Although the work is not yet ready for human patients, Seung Kim, MD, PhD, the lead author and assistant professor of developmental biology at the Stanford University School of Medicine, said it could lead to new ways of transplanting insulin-producing cells into people with diabetes, eventually providing a cure for the disease.
In past work, Kim and members of his lab enticed mouse embryonic stem cells to transform into insulin-producing cells. When transplanted into diabetic mice, these cells effectively made up for the lost insulin-producing cells in the pancreas, called islet cells, and treated the diabetes. However, embryonic stem cells are difficult to work with in the lab and most existing human embryonic stem cell lines are contaminated and can't be transplanted into humans.
Kim thought that human neural stem cells may be one way to sidestep the more problematic embryonic stem cells. The study shows that his intuition was correct.
"When you look at islets cells you realize that they resemble neurons," Kim said. Like neurons, islet cells respond to external signals by changing their electrical properties and releasing packages of proteins. In the case of islets, that protein is insulin.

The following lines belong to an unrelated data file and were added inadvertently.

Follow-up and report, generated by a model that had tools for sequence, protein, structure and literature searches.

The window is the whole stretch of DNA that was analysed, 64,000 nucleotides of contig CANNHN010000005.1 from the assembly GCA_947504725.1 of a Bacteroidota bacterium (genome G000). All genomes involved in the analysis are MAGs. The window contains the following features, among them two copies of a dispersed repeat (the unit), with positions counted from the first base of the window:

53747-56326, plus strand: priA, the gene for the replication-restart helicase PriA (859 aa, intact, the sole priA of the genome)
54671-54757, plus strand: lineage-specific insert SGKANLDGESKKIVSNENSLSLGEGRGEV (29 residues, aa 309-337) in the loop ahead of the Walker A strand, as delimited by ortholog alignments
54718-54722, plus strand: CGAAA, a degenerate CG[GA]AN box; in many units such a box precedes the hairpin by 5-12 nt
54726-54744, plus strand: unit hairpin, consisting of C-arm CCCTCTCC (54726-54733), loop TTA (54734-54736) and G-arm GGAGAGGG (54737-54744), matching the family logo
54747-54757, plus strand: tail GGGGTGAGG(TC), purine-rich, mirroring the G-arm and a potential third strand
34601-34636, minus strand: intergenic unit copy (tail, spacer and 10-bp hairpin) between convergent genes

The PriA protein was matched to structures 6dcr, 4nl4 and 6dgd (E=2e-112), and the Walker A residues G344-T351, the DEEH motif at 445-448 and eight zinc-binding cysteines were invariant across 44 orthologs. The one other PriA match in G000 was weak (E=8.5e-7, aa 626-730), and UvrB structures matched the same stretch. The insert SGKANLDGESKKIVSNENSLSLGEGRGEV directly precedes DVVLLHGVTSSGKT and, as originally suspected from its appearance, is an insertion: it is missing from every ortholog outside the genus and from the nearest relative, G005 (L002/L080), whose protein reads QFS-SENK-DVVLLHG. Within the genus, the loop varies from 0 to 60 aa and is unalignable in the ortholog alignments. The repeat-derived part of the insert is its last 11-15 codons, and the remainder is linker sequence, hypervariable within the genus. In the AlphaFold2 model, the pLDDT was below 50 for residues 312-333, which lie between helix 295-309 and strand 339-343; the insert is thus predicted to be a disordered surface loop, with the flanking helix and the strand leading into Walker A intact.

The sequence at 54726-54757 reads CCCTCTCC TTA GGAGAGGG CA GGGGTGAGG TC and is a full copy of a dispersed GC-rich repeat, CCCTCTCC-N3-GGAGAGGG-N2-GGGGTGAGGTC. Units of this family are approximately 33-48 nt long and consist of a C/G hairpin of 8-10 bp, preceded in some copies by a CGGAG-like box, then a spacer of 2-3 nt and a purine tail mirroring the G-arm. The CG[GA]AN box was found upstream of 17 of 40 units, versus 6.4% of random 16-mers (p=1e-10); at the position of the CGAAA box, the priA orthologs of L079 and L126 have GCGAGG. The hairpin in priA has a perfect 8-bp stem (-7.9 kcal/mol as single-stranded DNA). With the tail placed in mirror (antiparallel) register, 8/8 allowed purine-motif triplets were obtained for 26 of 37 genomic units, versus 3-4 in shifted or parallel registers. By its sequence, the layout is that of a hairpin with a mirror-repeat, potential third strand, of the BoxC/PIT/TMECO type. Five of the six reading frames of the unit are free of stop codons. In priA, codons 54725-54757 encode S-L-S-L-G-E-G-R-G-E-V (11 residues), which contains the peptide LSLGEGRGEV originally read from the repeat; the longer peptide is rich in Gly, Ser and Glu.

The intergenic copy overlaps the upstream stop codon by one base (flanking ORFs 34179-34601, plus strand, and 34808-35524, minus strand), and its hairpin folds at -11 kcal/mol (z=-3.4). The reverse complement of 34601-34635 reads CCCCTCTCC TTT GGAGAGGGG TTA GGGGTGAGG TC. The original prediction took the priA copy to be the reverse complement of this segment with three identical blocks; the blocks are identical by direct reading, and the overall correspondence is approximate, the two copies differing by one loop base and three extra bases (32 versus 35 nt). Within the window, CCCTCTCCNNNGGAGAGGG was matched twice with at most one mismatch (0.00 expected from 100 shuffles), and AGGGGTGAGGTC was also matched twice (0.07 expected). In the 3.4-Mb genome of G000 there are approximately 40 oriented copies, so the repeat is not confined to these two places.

What's more, some neurons in mice and humans take the first steps toward producing insulin. In insects such as fruit flies, the cells that produce insulin and regulate blood sugar are, in fact, neurons. Taken together, this evidence suggested to Kim that neural stem cells may be able to produce insulin.
Despite Kim's informed hunch, the fact that it worked is a bit surprising.
Until recently, people had though that stem cells taken from the brain would only be able to transform into brain-related tissues such as nerves and s
Source:Stanford University Medical Center